# trafos_margins: Data Transformations for Training or Sampling In gnn: Generative Neural Networks

## Description

Transformations applied to each marginal component sample to map given data to a different range.

## Usage

 ```1 2``` ```range_trafo(x, lower, upper, inverse = FALSE) logis_trafo(x, mean = 0, sd = 1, slope = 1, intercept = 0, inverse = FALSE) ```

## Arguments

 `x` (n, d)-matrix of data (typically before training or after sampling). `lower` value or d-vector typically containing the smallest value of each column of `x`. `upper` value or d-vector typically containing the largest value of each column of `x`. `mean` value or d-vector. `sd` value or d-vector. `slope` value or d-vector of slopes of the linear transformations applied after applying `plogis()` (before applying `qlogis()` if `inverse = TRUE`). `intercept` value or d-vector of intercepts of the linear transformations applied after applying `plogis()` (before applying `qlogis()` if `inverse = TRUE`). `inverse` `logical` indicating whether the inverses of the respective transformations are to be computed (typically used after generating data from a neural network trained on data transformed with the respective transformation and `inverse = FALSE`).

## Value

An object as `x` containing the componentwise transformed data.

Marius Hofert

## Examples

 ``` 1 2 3 4 5 6 7 8 9 10 11 12 13 14 15 16 17 18 19 20 21 22 23 24 25 26 27 28 29 30 31 32 33 34 35 36 37 38 39 40 41 42 43 44 45 46 47 48 49 50 51 52 53 54 55 56 57 58 59 60 61 62 63 64 65 66 67 68 69 70 71``` ```library(gnn) # for being standalone ## Generate data n <- 100 set.seed(271) x <- cbind(rnorm(n), (1-runif(n))^(-1/2)-1) # normal and Pareto(2) margins plot(x) ## Range transformation ran <- apply(x, 2, range) # column j = range of the jth column of x x.ran <- range_trafo(x, lower = ran[1,], upper = ran[2,]) # marginally transform to [0,1] plot(x.ran) # => now range [0,1] but points a bit clustered around small y-values x. <- range_trafo(x.ran, lower = ran[1,], upper = ran[2,], inverse = TRUE) # transform back stopifnot(all.equal(x., x)) # check ## Logistic transformation x.logis <- logis_trafo(x) # marginally transform to [0,1] via plogis() plot(x.logis) # => y-range is [1/2, 1] which can be harder to train x. <- logis_trafo(x.logis, inverse = TRUE) # transform back stopifnot(all.equal(x., x)) # check ## Logistic transformation with scaling to all of [0,1] in the second coordinate x.logis.scale <- logis_trafo(x, slope = 2, intercept = -1) plot(x.logis.scale) # => now y-range is scaled to [0,1] x. <- logis_trafo(x.logis.scale, slope = 2, intercept = -1, inverse = TRUE) # transform back stopifnot(all.equal(x., x)) # check ## Logistic transformation with sample mean and standard deviation and then ## transforming the range to [0,1] with a range transformation (note that ## slope = 2, intercept = -1 would not help here as the y-range is not [1/2, 1]) mu <- colMeans(x) sig <- apply(x, 2, sd) x.logis.fit <- logis_trafo(x, mean = mu, sd = sig) # marginally plogis(, location, scale) plot(x.logis.fit) # => y-range is not [1/2, 1] => use range transformation ran <- apply(x.logis.fit, 2, range) x.logis.fit.ran <- range_trafo(x.logis.fit, lower = ran[1,], upper = ran[2,]) plot(x.logis.fit.ran) # => now y-range is [1/2, 1] x. <- logis_trafo(range_trafo(x.logis.fit.ran, lower = ran[1,], upper = ran[2,], inverse = TRUE), mean = mu, sd = sig, inverse = TRUE) # transform back stopifnot(all.equal(x., x)) # check ## Note that for heavy-tailed data, plogis() can fail to stay inside (0,1) ## even with adapting to sample mean and standard deviation. We now present ## a case where we see that using a fitted logistic distribution function ## is *just* good enough to numerically keep the data inside (0,1). set.seed(271) x <- cbind(rnorm(n), (1-runif(n))^(-2)-1) # normal and Pareto(1/2) margins plot(x) # => heavy-tailed in y-coordinate ## Transforming with standard logistic distribution function x.logis <- logis_trafo(x) stopifnot(any(x.logis[,2] == 1)) ## => There is value numerically indistinguishable from 1 to which applying ## the inverse transform will lead to Inf stopifnot(any(is.infinite(logis_trafo(x.logis, inverse = TRUE)))) ## Now adapt the logistic distribution to share the mean and standard deviation ## with the data mu <- colMeans(x) sig <- apply(x, 2, sd) x.logis.scale <- logis_trafo(x, mean = mu, sd = sig) stopifnot(all(x.logis.scale[,2] != 1)) # => no values equal to 1 anymore ## Alternatively, log() the data first, thus working with a log-logistic ## distribution as transformation lx <- cbind(x[,1], log(x[,2])) # 2nd coordinate only lmu <- c(mu[1], mean(lx[,2])) lsig <- c(sig[1], sd(lx[,2])) x.llogis <- logis_trafo(lx, mean = lmu, sd = lsig) x. <- logis_trafo(x.llogis, mean = lmu, sd = lsig, inverse = TRUE) x.. <- cbind(x.[,1], exp(x.[,2])) # undo log() stopifnot(all.equal(x.., x)) ```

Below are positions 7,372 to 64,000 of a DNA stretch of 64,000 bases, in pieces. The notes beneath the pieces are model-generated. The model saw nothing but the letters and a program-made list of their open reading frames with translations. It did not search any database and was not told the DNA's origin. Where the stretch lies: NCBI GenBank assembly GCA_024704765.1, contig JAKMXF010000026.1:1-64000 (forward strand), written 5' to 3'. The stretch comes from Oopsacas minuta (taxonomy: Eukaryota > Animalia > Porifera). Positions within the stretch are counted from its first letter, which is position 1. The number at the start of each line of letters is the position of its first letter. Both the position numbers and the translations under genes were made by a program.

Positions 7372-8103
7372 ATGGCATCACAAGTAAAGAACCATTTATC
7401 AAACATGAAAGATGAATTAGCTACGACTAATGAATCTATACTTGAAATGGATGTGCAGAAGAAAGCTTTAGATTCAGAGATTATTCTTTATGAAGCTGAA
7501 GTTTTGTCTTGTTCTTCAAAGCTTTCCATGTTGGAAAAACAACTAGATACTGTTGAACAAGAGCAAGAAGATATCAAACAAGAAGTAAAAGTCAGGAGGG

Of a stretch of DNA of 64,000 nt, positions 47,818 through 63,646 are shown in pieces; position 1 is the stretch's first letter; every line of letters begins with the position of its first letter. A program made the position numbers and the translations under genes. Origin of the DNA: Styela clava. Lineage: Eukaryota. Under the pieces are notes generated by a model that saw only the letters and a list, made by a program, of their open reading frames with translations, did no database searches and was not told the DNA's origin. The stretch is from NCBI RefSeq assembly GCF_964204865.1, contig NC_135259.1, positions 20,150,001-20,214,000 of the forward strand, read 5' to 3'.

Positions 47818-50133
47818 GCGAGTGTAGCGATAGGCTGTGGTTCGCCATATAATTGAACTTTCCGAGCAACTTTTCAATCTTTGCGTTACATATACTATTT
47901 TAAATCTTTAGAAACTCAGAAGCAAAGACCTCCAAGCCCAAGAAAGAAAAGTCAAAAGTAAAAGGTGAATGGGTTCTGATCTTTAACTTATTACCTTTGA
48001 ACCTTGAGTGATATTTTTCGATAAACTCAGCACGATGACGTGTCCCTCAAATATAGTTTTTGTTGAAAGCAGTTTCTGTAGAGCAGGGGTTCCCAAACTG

gnn documentation built on Sept. 20, 2021, 3 a.m.